Throughout their careers in government and private practice, the attorneys of Periconi, LLC have played an instrumental role in several significant cases that influenced the evolution of environmental law. For example:

Committee for Environmentally Sound Development, Inc. v. City of New York, 737 N.Y.S.2d 792 (N.Y. Sup. Ct. 2001). A State Supreme Court justice adopted Mr. Periconi's novel "continuing duty" under SEQRA argument regarding the enforcement of restrictions in an environmental impact statement years after it was written (when the project was actually built).

United States v. CDMG Realty Co., 96 F.3d 706 (3d Cir. 1996). Mr. Periconi successfully advanced the argument, never before adopted, that there need be no minimal amount of construction-related movement of hazardous wastes in the ground to constitute a "disposal."

Idylwoods Associates v. Mader Capital, Inc., 915 F.Supp. 1290, 26 Envtl. L. Rep. 21,027 (W.D.N.Y. 1996). In this groundbreaking CERCLA decision, Mr. Periconi successfully advanced Superfund liability principles, including parent-subsidiary liability, corporate veil piercing, the liability of dissolved corporations and alternate theories of recovery of damages.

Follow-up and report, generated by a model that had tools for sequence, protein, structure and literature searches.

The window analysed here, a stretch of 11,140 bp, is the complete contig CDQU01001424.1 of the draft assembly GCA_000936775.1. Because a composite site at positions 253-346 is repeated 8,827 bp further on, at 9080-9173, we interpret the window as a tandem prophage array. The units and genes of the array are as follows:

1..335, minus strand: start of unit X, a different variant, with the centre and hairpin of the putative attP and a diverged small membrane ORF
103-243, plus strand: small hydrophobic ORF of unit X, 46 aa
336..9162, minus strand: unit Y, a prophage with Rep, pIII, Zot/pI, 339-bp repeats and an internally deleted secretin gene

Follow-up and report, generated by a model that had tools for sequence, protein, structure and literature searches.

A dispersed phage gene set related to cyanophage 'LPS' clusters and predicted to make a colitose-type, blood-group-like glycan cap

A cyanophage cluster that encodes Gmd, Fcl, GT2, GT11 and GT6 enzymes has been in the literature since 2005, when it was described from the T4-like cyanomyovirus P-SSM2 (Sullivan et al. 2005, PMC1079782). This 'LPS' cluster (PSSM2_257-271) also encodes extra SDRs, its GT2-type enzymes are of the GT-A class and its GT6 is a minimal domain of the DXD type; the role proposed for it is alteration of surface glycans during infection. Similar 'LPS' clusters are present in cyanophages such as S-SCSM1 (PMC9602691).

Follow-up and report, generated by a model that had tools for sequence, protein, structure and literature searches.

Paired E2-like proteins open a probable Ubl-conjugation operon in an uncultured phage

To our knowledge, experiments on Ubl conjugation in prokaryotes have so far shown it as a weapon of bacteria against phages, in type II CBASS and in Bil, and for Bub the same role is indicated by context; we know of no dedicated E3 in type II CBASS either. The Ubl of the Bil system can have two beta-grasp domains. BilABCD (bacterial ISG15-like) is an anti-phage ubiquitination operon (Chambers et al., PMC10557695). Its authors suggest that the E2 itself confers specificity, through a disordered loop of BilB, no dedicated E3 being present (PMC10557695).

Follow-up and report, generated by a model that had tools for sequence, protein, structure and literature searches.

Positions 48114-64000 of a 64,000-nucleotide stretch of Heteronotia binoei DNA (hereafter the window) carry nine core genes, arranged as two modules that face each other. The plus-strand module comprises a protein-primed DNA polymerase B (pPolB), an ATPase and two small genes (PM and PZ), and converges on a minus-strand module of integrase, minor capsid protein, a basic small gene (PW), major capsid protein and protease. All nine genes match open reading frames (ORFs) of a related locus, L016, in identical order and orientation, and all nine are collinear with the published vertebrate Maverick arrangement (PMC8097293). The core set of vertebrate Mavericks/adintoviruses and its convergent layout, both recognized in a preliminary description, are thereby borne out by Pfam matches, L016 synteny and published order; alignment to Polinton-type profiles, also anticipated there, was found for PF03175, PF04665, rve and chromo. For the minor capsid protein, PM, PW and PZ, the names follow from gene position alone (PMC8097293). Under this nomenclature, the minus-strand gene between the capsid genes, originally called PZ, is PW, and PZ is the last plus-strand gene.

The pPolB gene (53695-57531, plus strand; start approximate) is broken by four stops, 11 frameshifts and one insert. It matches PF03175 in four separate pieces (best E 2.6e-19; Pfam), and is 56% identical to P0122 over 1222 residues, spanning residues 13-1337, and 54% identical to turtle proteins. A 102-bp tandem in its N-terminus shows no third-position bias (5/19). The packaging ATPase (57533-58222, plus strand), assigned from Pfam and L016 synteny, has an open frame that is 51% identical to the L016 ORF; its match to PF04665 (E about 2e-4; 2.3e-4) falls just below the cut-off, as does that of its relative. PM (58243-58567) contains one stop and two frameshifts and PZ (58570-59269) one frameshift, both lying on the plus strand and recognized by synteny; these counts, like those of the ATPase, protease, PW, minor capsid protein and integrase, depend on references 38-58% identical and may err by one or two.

Wedinger v. Goldberger, 71 N.Y.2d 428 (1988)

Waterside Associates v. New York State Dept. of Environmental Conservation, 72 N.Y.2d 1009 (1988)

Consolidated Edison Co. of New York v. New York State Dept. of Environmental Conservation, 112 A.D.2d 989 (2d Dep't 1985)

Abrams v. LCARA, 132 Misc.2d 232, aff'd, 134 A.D.2d 885 (4th Dep't 1987)

New York Coastal Fishermen's Ass'n v. New York City Dept. of Sanitation, 772 F.Supp. 162, 22 Envtl. L. Rep. 20,183 (S.D.N.Y. 1991). Mr. Periconi served as Special Master.

State v. Gorsuch, 554 F.Supp. 1060 (S.D.N.Y. 1983). After having previously obtained a declaration that the EPA Administrator had failed to perform a nondiscretionary duty imposed on her by the Clean Air Act, Mr. Periconi and his colleagues succeeded in obtaining summary judgment on the issue of a remedy and on an order enforcing the statutory timetable to regulate arsenic.

People v. J.R. Cooperage Co., Inc., 485 N.Y.Supp.2d 438 (Sup. Ct. Kings Co. 1985). Mr. Periconi's legal work sustained an important early indictment under New York's then new felony environmental criminal statute on the sufficiency of evidence before the grand jury, against both the corporate president as well as the corporation. He later obtained jury guilty verdicts against both.